Art & COLORS - 4 STRATEGIES, an Artist's Guide - How to Pick and Compose | Stephanie Kilgast | Skillshare

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Art & COLORS - 4 STRATEGIES, an Artist's Guide - How to Pick and Compose

teacher avatar Stephanie Kilgast, Contemporary artist.

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Taught by industry leaders & working professionals
Topics include illustration, design, photography, and more

Watch this class and thousands more

Get unlimited access to every class
Taught by industry leaders & working professionals
Topics include illustration, design, photography, and more

Lessons in This Class

7 Lessons (54m)
    • 1. Introduction

      1:43
    • 2. Observe

      2:23
    • 3. Monochrome

      10:36
    • 4. Opposition

      12:22
    • 5. Gradients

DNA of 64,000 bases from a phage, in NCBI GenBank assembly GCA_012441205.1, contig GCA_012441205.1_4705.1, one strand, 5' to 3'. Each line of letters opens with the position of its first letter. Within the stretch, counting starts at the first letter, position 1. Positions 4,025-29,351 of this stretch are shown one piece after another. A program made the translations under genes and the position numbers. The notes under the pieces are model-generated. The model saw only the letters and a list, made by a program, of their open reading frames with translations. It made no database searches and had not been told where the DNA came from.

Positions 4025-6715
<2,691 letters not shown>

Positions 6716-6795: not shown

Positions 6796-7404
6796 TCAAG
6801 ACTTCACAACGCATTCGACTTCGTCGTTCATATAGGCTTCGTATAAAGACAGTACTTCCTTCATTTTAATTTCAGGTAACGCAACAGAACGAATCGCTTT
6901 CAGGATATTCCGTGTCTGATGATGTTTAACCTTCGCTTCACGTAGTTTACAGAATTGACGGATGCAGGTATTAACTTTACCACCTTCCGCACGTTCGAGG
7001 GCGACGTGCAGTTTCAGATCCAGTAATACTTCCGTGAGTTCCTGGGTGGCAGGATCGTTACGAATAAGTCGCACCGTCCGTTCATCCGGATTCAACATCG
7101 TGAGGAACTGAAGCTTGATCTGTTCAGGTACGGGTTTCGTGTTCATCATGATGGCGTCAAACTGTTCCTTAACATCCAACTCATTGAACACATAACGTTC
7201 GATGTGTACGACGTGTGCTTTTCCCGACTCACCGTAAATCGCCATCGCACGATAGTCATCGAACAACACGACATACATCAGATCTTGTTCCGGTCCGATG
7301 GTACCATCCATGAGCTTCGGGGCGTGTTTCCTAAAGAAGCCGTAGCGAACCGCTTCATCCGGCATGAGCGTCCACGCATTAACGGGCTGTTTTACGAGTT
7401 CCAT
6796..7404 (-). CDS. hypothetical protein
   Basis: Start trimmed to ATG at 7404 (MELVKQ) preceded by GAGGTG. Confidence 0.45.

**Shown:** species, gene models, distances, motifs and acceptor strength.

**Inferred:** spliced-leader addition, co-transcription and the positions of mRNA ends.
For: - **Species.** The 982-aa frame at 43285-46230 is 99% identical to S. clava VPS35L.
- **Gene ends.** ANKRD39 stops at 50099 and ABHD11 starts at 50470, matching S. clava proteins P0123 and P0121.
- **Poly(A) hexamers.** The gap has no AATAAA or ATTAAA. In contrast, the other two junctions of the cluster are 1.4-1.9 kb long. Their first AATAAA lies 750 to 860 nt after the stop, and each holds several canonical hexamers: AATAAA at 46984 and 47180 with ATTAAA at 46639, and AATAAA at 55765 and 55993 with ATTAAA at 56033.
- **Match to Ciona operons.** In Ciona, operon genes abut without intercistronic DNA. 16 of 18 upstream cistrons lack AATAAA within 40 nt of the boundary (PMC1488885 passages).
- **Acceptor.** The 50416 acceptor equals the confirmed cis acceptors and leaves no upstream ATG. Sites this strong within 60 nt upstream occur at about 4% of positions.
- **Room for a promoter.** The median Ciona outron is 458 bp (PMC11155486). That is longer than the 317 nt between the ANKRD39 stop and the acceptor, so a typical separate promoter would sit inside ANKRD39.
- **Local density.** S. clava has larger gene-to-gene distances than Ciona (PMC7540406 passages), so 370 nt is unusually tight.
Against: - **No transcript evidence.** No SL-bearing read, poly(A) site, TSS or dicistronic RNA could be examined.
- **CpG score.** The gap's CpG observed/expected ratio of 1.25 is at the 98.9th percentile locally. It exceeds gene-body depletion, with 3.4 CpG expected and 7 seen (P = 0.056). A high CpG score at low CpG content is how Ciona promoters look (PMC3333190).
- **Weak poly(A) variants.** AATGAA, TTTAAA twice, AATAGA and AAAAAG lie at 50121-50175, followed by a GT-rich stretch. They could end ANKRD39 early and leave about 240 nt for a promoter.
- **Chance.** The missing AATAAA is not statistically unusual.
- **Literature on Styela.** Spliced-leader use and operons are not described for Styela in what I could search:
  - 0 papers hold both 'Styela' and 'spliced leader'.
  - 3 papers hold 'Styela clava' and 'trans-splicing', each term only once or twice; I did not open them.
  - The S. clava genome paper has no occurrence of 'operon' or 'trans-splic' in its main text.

10:46
    • 6. Rainbow

      15:30
    • 7. Skill colors Final Words

      0:57
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About This Class

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This class is fit for any artist interested in working in colors, but not quite sure how to tackle the task!
I will share with you my experience as a 10 year professional artist, explaining the composition of my own artworks.
I have always loved working with vibrant colors and over time I developed a certain amount of color strategies that I use in my own compositions.

To make this class more interactive, I also show you simple examples in watercolor for you to try out, so you finally jump over that hurdle of using more colors!
Watercolor is a great way to start getting used to colors and also to simply test out color palettes!

Stéphanie
instagram | website

c l a s s  s u m m a r y

Introduction
Observe
Monochrome
Opposition
Gradient
Rainbow
Final Words

I'm explaining the composition and strategies in my own artwork but also show practical examples through watercolors.

And here some of the tutorials I'll show during the class:

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m u s i c

Amarante http://www.youtube.com/AmaranteMusic

Meet Your Teacher

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Stephanie Kilgast

Contemporary artist.

Teacher